18. ^ "Mrs. Bruce Schroeder". Kenosha News. October 24, 1972. p. 6. Retrieved November 17, 2021 – via Newspapers.com.
  19. ^ "Schroeder-Lane". Kenosha News. October 4, 1972. p. 9. Retrieved November 17, 2021 – via Newspapers.com.
  20. ^ "Schroeder seeks full term". Kenosha News. December 2, 1983. p. 5. Retrieved November 17, 2021 – via Newspapers.com.
  21. ^ "Adoption". Kenosha News. November 12, 1979. p. 12. Retrieved November 17, 2021 – via Newspapers.com.
  22. ^ "Adoption". Kenosha News. June 29, 1982. p. 15. Retrieved November 17, 2021 – via Newspapers.com.
  23. ^ Theobald, H. Rupert; Robbins, Patricia V., eds. (1985). "Elections" (PDF). The State of Wisconsin 1985-1986 Blue Book (Report). Wisconsin Legislative Reference Bureau. p. 881. Retrieved November 17, 2021.
  24. ^ Barish, Lawrence S.; Theobald, H. Rupert, eds. (1991). "Elections" (PDF). The State of Wisconsin 1991-1992 Blue Book (Report). Wisconsin Legislative Reference Bureau. p. 879. Retrieved November 17, 2021.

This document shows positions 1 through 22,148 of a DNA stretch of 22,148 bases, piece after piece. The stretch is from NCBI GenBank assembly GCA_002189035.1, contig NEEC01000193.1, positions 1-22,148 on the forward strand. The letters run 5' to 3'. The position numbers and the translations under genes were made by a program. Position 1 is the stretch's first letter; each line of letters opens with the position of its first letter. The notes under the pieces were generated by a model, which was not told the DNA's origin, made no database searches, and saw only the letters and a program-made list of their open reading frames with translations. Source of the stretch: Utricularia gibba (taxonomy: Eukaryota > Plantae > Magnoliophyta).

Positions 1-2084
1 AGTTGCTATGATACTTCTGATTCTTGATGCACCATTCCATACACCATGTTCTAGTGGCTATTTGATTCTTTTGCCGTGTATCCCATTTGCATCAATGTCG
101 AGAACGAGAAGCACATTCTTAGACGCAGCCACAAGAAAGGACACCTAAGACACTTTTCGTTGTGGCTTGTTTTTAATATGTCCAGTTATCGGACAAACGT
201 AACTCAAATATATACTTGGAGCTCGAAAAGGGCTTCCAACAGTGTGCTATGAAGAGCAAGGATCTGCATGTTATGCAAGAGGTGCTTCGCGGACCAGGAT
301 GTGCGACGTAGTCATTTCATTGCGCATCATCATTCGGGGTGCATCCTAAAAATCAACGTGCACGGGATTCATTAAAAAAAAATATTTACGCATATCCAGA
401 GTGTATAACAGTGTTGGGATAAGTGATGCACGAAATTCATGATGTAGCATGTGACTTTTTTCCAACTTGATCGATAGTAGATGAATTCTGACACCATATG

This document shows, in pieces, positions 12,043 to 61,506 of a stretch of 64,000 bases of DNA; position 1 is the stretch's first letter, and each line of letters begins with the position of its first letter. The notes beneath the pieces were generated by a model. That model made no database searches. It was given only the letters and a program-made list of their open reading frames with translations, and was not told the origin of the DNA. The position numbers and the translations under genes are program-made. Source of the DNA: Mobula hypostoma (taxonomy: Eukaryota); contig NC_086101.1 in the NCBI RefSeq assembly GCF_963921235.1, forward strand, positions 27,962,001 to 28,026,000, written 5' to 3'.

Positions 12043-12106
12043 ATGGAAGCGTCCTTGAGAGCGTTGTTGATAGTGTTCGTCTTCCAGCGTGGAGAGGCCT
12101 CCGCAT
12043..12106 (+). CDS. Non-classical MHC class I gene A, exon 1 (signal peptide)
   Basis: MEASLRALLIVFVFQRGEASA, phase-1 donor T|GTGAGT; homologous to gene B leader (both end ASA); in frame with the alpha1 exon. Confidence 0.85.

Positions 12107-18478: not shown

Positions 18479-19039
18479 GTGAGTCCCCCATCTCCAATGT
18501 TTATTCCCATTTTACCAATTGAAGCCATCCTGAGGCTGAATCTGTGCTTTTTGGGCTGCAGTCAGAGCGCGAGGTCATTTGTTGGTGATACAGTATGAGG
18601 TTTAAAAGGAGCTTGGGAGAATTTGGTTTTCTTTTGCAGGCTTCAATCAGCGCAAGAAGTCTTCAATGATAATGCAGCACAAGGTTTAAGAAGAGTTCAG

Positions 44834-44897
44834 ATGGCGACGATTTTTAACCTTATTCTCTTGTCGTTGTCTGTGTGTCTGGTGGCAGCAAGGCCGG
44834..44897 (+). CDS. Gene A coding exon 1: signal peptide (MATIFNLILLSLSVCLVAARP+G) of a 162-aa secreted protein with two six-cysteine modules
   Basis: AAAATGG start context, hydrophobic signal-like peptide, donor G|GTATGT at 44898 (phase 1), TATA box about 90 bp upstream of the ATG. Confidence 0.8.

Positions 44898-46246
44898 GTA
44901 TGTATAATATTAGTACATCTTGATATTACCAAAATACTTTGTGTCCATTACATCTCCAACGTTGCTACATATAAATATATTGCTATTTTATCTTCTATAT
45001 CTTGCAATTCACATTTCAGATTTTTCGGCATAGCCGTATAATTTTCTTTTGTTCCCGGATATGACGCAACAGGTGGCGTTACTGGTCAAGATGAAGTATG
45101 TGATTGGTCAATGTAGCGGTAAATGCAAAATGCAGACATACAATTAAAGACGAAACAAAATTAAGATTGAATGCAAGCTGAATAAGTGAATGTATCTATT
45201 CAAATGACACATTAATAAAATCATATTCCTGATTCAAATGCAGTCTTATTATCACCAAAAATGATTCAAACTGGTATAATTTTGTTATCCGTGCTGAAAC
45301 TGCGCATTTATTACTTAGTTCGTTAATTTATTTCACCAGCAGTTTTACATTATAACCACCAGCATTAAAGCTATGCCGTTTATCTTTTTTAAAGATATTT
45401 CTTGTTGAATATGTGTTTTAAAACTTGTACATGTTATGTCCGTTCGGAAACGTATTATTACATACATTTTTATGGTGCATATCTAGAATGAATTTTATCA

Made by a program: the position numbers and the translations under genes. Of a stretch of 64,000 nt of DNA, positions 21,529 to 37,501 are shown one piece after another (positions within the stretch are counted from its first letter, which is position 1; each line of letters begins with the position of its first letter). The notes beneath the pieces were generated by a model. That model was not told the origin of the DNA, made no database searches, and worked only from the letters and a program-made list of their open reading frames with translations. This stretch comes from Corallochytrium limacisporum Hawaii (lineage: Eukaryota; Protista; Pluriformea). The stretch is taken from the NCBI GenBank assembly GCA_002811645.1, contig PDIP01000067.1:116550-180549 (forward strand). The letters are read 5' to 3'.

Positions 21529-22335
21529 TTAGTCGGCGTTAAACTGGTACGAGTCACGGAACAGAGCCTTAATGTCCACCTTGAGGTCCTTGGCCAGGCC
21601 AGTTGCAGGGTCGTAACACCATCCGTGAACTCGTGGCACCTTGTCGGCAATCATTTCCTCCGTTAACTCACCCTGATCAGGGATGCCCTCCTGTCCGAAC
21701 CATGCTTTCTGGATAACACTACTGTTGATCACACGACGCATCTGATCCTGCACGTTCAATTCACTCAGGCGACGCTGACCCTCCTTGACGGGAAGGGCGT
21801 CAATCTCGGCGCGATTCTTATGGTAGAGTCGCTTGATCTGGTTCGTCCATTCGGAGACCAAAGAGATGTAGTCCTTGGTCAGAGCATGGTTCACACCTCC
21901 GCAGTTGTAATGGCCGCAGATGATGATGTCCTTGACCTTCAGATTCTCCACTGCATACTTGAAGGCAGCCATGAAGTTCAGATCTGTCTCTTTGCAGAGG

25. ^ Barish, Lawrence S., ed. (1997). "Elections" (PDF). State of Wisconsin 1997-1998 Blue Book (Report). Wisconsin Legislative Reference Bureau. p. 874. Retrieved November 17, 2021.
  26. ^ Results of Spring General Election - 04/02/2002 (PDF) (Report). Wisconsin State Elections Board. May 24, 2002. p. 4. Retrieved November 17, 2021.
  27. ^ Results of Spring General Election - 04/01/2008 (PDF) (Report). Wisconsin State Elections Board. April 21, 2008. p. 4. Retrieved November 17, 2021.
  28. ^ Canvass Results for 2014 Spring Election - 4/1/2014 (PDF) (Report). Wisconsin Government Accountability Board. April 15, 2014. p. 4. Retrieved November 17, 2021.

External links

Legal offices
Preceded by District Attorney of Kenosha County, Wisconsin
August 17, 1972 – January 3, 1977
Succeeded by
John P. Landa
Preceded by
John E. Malloy
Wisconsin Circuit Court Judge for the Kenosha circuit, branch 3
May 11, 1983 – present
Incumbent
Original content from Wikipedia, shared with licence Creative Commons By-Sa - Bruce Schroeder